Ask Amy: I'm afraid I work for a sellout


How can I keep my doctor focused on patients and not profits?

The owner of our one-doctor practice has been trying to sell for a couple of years because he wants to move on to something new—and more profitable. It's hard to keep him at work, even when there's plenty to do. How do I keep him focused on his practice instead of greener pastures?



If your doctor is motivated by money, remind him that he'll get the best price for the practice if it's busy, profitable, and stable. A practice with a poor reputation for service is going to be a hard sell. If you don't feel comfortable talking about money with him, talk to him directly about the problems his absence is causing the practice.

If he's missed appointments, tell him how angry clients have been about needing to reschedule. Focus on the predicament of upset clients, not his personality defects. Then look for solutions. For example, try saying, "I'm not sure how to handle this situation. Is it possible to get a better idea of when you'll be in so this doesn't happen again?" Try to get him to set a schedule right then. If he won't, ask if he wants you to start referring clients to another practice when he isn't able to accommodate them.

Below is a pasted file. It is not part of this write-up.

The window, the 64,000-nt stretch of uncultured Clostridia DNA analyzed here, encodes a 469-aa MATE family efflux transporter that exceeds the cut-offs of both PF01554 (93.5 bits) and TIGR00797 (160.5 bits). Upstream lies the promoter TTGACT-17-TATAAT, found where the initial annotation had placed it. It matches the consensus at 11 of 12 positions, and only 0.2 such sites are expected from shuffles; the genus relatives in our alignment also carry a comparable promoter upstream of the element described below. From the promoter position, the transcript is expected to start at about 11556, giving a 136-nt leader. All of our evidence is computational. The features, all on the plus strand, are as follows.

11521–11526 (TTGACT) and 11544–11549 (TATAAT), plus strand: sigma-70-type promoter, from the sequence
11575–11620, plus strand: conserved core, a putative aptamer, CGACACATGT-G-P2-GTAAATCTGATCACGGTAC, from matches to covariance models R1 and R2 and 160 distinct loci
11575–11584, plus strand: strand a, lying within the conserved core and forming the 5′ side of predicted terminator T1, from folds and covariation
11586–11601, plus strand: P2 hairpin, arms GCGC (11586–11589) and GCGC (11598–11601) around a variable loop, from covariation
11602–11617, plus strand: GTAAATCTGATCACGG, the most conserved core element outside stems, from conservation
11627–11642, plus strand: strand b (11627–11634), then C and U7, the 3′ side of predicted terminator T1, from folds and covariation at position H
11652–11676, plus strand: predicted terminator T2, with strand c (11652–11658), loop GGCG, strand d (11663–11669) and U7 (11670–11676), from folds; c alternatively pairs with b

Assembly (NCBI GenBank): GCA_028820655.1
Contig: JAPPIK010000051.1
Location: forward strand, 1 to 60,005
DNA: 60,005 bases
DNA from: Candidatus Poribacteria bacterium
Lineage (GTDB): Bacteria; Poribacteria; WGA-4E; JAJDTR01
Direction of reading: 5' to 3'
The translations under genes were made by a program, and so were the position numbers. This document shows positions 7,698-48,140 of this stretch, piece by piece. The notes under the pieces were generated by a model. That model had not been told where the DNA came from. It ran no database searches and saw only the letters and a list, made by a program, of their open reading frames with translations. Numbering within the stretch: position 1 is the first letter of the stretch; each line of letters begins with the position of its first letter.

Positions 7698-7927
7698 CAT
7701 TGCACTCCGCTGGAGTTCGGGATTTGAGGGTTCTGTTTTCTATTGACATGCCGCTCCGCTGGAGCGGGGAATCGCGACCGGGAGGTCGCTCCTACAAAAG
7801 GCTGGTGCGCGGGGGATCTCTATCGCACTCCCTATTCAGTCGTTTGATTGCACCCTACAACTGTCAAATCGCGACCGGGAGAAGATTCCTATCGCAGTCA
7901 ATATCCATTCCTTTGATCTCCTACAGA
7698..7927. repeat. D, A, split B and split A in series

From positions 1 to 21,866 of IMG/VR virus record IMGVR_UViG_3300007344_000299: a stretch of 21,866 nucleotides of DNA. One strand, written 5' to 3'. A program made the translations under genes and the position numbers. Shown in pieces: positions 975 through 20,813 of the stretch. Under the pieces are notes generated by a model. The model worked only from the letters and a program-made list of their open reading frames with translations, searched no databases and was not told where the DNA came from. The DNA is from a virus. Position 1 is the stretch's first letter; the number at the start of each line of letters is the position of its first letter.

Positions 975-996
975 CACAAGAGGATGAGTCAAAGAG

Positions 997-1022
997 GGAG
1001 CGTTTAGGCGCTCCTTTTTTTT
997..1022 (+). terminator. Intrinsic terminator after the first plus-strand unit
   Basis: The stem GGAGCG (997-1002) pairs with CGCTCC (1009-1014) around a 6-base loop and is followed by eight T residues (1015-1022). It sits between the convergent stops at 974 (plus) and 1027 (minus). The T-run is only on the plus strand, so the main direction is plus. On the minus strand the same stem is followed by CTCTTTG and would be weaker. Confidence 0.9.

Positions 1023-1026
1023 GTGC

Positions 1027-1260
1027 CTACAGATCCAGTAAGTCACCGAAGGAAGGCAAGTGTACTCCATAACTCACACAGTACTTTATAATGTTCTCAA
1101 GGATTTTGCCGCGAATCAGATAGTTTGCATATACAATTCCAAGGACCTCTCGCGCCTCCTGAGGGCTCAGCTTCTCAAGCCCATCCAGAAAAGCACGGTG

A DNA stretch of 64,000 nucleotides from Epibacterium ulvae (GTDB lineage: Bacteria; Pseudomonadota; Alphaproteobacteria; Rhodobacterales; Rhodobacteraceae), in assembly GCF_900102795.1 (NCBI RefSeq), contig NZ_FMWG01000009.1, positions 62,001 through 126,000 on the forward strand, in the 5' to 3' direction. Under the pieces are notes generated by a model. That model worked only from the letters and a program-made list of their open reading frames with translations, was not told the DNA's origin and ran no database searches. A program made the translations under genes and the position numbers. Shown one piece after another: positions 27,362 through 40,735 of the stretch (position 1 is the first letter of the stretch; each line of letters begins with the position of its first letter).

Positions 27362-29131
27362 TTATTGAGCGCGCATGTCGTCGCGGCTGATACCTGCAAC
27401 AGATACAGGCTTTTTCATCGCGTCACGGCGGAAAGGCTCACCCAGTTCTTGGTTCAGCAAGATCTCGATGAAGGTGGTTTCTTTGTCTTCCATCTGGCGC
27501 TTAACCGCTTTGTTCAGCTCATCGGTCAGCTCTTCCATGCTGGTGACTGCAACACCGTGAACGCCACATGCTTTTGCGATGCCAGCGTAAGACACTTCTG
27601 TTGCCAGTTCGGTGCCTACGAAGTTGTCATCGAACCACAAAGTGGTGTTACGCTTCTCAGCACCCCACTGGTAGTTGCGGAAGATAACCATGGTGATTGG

Here's another thought: His absence and drive to sell the practice may be because he's simply tired of performing certain procedures or duties. Try to find out which things about being at the practice are aggravating him most and see if others in the clinic could take over these responsibilities. If callbacks are a problem, could a technician help? If he's weary of certain medical or surgical issues, could he hire a relief veterinarian to perform surgeries one day a week?

If he's truly intent on selling and leaving the practice, then these are just short-term solutions. But they may help you provide better medical care and client service until the sale occurs. –AMY

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